Hijab-wearing criminal lawyer calls QC appointment ‘surreal’
A hijab-wearing criminal lawyer who would be the first to be appointed as a Queen’s Counsel (QC) called the honor “surreal” in light of the “layers” of challenges she has faced during her career.
Sultana Tafadar received her letters patent – the document denoting the award for excellence in advocacy – at the Palace of Westminster on Monday.
This was followed by a second ceremony, with his peers, at the Royal Courts of Justice.
Ms Tafadar, who was born and raised in Luton and has Bangladeshi roots, was called to the bar in 2005 and said she later became the first female criminal lawyer to wear the hijab.
She said she was the second hijab-wearing lawyer to become a QC after Shaheed Fatima – but the first female criminal lawyer to wear the religious habit to receive the nomination.
Speaking to the PA news agency on Monday afternoon, she said: ‘It’s a surreal experience.
“I am absolutely thrilled, especially as the first hijab-wearing lawyer to be admitted to the criminal bar.”
Ms Tafadar said becoming a QC is of particular importance as she didn’t see anyone like her when she started in the profession.
“Representation is really important,” she said, adding that she can help more hijab-wearing women achieve their dreams of reaching the heights of the profession.
“When I came into the profession, I was like, ‘Oh my God, I don’t see anyone like me in the upper layers of the profession.’
“Usually at the bar, there aren’t many women wearing hijab, and you’re like, ‘Can you really do it?’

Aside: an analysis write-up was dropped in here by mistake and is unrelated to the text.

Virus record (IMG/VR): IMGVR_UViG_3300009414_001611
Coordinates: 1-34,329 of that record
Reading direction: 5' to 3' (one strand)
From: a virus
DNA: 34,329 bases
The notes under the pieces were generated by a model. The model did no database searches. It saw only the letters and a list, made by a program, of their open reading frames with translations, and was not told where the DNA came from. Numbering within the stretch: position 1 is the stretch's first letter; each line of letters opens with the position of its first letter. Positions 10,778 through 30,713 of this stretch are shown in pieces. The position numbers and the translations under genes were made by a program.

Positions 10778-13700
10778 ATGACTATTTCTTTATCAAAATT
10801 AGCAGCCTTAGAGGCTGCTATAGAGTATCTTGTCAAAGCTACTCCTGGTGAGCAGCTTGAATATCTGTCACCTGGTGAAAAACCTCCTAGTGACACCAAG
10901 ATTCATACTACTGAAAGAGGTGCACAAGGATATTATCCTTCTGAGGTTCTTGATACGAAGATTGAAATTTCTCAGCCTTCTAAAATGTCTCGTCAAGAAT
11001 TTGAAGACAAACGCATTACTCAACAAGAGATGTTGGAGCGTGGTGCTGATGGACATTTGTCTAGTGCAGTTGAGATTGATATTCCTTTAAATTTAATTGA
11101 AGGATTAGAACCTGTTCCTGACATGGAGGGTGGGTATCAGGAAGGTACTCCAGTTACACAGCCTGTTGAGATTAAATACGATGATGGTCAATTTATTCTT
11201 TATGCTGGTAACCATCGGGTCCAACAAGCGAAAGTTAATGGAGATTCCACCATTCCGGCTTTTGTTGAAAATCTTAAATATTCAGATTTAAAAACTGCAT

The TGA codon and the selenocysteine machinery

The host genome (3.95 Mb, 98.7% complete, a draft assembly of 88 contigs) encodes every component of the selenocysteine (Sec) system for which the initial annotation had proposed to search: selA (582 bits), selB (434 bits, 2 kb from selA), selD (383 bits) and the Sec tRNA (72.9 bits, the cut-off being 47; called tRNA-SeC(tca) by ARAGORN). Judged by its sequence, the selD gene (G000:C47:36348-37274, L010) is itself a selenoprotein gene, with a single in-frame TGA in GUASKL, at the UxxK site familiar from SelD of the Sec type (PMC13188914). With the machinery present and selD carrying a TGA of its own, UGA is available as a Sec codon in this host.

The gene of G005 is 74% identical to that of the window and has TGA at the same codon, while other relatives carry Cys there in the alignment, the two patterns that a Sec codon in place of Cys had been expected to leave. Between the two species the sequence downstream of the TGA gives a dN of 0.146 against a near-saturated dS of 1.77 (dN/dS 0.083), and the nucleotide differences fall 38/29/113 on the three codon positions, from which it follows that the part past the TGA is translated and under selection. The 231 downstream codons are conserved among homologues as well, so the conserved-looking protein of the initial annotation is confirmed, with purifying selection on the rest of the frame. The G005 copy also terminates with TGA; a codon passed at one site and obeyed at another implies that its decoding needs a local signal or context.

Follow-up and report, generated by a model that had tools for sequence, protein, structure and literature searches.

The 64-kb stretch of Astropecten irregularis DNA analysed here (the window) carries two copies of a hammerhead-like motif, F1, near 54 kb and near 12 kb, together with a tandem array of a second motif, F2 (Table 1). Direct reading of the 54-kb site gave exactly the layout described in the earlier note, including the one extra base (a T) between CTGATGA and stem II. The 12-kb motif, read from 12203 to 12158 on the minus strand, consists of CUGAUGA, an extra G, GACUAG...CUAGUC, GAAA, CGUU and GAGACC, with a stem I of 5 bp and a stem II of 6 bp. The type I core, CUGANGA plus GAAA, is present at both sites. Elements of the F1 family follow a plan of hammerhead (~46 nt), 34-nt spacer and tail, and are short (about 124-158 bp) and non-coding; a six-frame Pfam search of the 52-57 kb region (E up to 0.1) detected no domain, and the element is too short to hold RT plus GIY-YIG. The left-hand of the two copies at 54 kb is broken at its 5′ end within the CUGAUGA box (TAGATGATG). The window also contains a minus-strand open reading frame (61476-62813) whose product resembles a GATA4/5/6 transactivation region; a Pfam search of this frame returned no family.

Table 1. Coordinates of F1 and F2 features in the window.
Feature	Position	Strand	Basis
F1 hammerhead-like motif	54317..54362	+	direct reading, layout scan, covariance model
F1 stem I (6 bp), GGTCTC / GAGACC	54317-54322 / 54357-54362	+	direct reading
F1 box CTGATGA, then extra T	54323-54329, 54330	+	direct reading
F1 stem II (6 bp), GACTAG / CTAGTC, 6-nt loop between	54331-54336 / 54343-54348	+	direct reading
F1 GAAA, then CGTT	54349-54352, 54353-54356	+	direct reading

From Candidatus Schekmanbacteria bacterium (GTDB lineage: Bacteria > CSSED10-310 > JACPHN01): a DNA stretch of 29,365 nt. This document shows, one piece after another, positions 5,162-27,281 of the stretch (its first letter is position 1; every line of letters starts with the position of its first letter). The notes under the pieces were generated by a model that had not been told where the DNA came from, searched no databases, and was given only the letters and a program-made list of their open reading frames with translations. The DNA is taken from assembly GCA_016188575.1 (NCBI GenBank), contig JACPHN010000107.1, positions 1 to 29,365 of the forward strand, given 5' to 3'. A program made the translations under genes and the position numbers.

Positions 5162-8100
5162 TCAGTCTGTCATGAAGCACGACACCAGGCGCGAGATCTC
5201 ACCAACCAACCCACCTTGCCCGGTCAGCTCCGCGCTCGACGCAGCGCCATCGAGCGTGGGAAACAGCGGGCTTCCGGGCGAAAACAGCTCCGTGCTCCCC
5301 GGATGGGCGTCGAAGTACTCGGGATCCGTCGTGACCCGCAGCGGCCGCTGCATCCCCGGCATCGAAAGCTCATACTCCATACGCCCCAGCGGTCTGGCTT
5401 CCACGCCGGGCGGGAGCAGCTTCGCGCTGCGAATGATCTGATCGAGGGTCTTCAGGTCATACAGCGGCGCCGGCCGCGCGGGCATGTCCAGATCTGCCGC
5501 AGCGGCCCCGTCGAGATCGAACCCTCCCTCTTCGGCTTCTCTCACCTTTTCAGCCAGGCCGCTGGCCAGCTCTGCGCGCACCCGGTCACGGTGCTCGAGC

“So hopefully the fact that I’ve shown it’s possible, and hopefully that opens the floodgates for others to come forward.”
Ms Tafadar referred to statistics showing that a tiny percentage of the roughly 2,000 QCs are women of black, Asian or mixed ethnicity.
A report by the General Bar Council on Race found that, by Monday, only 31 women from such backgrounds had been admitted to the Bar.
“When you scale back down again, in terms of the hijab-wearing lawyers who are the Queen’s lawyers, there’s only ever been two and I’m the first in the criminal bar,” she said.
Asked about the challenges she faced, she said: “We could be here all day.
“Unfortunately there are layers and layers of challenges that I face, as a woman, as someone from an ethnic minority and as someone who visibly wears the hijab.
“There have been challenges in the courts, there have been challenges in the workplace in my previous chambers, but I am happy to say that it is possible to overcome these challenges and it is possible – in having the opportunities – to shine.”
Ms Tafadar is involved in a legal bid to end France’s hijab ban and will argue at the United Nations this year that the government is breaking international law.
She said as she celebrated the “silk grab” – a term for being named QC – the struggle other hijab-wearing women are facing across Europe at the same time is “sad”.
She said: “There are women across Europe and particularly in France who are discriminated against for wearing the hijab.
“France wants to impose various forms of banning the hijab and this amounts to sexual, racial and religious discrimination.
“It’s sad on a day like this and I celebrate wearing silk by wearing the hijab that others across Europe are denied the opportunities I’ve had.”
In May 2020, Raffia Arshad became the first hijab-wearing woman to be appointed as a judge.
Jo Sidhu QC, President of the Criminal Bar Association, said: “Diversity which encompasses lawyers from different racial, ethnic and gender backgrounds must be welcomed and championed if the criminal bar is to continue to better reflect the public we serve in as prosecutors and defenders”.